Wisdom Wednesday | June 8th

AUSCP NewsRoundup

Topics this week include gun violence (of course) but also witchcraft, the first female rabbi, a good thing about the pandemic, the Black nun who was told to pass for White, and how heresy hunting may have halted. And, oh yes, God Save the Queen (and other women in religious leadership)!

Chicago archbishop Cardinal Blase Cupich has called for gun safety legislation in the aftermath of the Uvalde shooting, which left 19 children and two teachers dead.

Mike Diebold- What our language uses tell about us.

At a Friday morning prayer service (June 3), stunned and shattered worshippers gathered to weep, pray, sing and mourn two young women killed at Cornerstone Church in Ames, Iowa, home to Iowa State University.

You are invited to urgent online dialogue today, “After Buffalo, After Uvalde, After Tulsa: Broken Hearts, Broken Nation, Faithful Action,” presented by the Initiative on Catholic Social Thought and Public Life at Georgetown University. It’s this afternoon (June 8) at 12:30 p.m. EDT. More information, RSVP required.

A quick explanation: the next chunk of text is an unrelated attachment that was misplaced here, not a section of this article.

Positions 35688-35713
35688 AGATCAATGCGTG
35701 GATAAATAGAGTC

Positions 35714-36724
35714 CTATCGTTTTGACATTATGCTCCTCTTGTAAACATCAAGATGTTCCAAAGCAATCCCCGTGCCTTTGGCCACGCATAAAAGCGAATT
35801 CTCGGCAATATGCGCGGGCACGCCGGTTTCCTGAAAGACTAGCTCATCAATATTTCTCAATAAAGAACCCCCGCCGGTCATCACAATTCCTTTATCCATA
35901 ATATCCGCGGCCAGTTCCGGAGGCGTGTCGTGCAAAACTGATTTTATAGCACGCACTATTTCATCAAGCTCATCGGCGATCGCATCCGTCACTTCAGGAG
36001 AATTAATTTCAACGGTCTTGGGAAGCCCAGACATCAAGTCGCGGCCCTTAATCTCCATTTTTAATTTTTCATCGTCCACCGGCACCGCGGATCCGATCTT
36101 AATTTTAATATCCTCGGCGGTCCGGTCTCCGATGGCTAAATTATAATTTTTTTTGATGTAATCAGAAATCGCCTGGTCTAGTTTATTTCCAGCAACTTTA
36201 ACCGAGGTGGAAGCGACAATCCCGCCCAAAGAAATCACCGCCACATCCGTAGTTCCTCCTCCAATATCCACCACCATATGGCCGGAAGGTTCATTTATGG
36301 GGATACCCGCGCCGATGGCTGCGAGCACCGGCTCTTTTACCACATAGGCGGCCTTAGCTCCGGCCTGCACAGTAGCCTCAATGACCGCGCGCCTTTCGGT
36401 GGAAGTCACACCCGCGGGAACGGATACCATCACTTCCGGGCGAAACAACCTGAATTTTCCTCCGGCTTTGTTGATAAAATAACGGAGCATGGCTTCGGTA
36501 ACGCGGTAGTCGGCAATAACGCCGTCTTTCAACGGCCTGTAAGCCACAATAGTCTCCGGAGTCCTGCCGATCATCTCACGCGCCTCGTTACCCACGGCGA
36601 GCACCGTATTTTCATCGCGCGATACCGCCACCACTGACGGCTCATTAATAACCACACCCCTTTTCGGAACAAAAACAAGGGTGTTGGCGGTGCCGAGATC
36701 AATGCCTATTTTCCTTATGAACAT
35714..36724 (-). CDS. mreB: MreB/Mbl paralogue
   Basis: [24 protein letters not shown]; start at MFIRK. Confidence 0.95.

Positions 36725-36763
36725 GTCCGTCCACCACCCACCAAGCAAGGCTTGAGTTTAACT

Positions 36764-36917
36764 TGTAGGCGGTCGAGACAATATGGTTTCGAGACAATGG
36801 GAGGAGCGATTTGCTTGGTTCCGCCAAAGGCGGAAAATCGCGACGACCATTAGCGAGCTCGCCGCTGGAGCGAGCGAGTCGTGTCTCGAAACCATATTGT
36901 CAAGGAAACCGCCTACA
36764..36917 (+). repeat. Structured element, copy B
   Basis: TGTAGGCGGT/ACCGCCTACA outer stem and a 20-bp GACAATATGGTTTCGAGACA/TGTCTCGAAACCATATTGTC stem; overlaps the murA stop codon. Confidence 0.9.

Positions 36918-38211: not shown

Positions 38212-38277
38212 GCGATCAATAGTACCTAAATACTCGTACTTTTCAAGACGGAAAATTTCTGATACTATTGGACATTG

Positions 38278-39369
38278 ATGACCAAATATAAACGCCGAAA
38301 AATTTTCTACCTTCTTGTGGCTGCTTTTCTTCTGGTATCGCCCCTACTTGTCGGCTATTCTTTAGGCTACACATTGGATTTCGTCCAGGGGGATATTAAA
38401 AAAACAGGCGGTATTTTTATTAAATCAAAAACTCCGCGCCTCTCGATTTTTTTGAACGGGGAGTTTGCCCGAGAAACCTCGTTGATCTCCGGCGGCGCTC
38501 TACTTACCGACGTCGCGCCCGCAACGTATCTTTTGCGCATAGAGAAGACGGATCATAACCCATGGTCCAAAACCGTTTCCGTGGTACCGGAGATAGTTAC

Has heresy hunting been halted?

At NCR, Writer Austen Ivereigh finds the central message of Francis’s curia reform:

The point is to allow a church in which leadership is tied to charisms and ministries, rather than bound up with the clerical state and ecclesiastical careerism.” Pope Francis’ reforms make the heresy-hunting Vatican of John Paul II barely recognizable.

Women as faith leaders

It is this legacy of independence and social defiance that sits at the heart of modern witchcraft and led to its rebirth into a modern, and increasingly popular, alternative religion.

The pandemic

Speaking of polls . . . 

There is confusion about a new poll, finding that most U.S. Catholics disagree with church leaders on abortion and L.G.B.T. issues. An article in America Magazine suggests that is “probably not confusion but indifference to, and even defiance of, church teaching.”

Also in the news . . .

And the last word: Here’s to the crazy ones, the misfits, the researchers who keep trying to give us a longer weekend, writes Christine Hauser. A six-month program that began in the UK on Monday will test the effects of the four-day workweek on thousands of workers across 70 companies.

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We hope you have enjoyed this roundup of recent news about faith, politics, and culture. We will return next week with another edition of Wisdom Wednesday.

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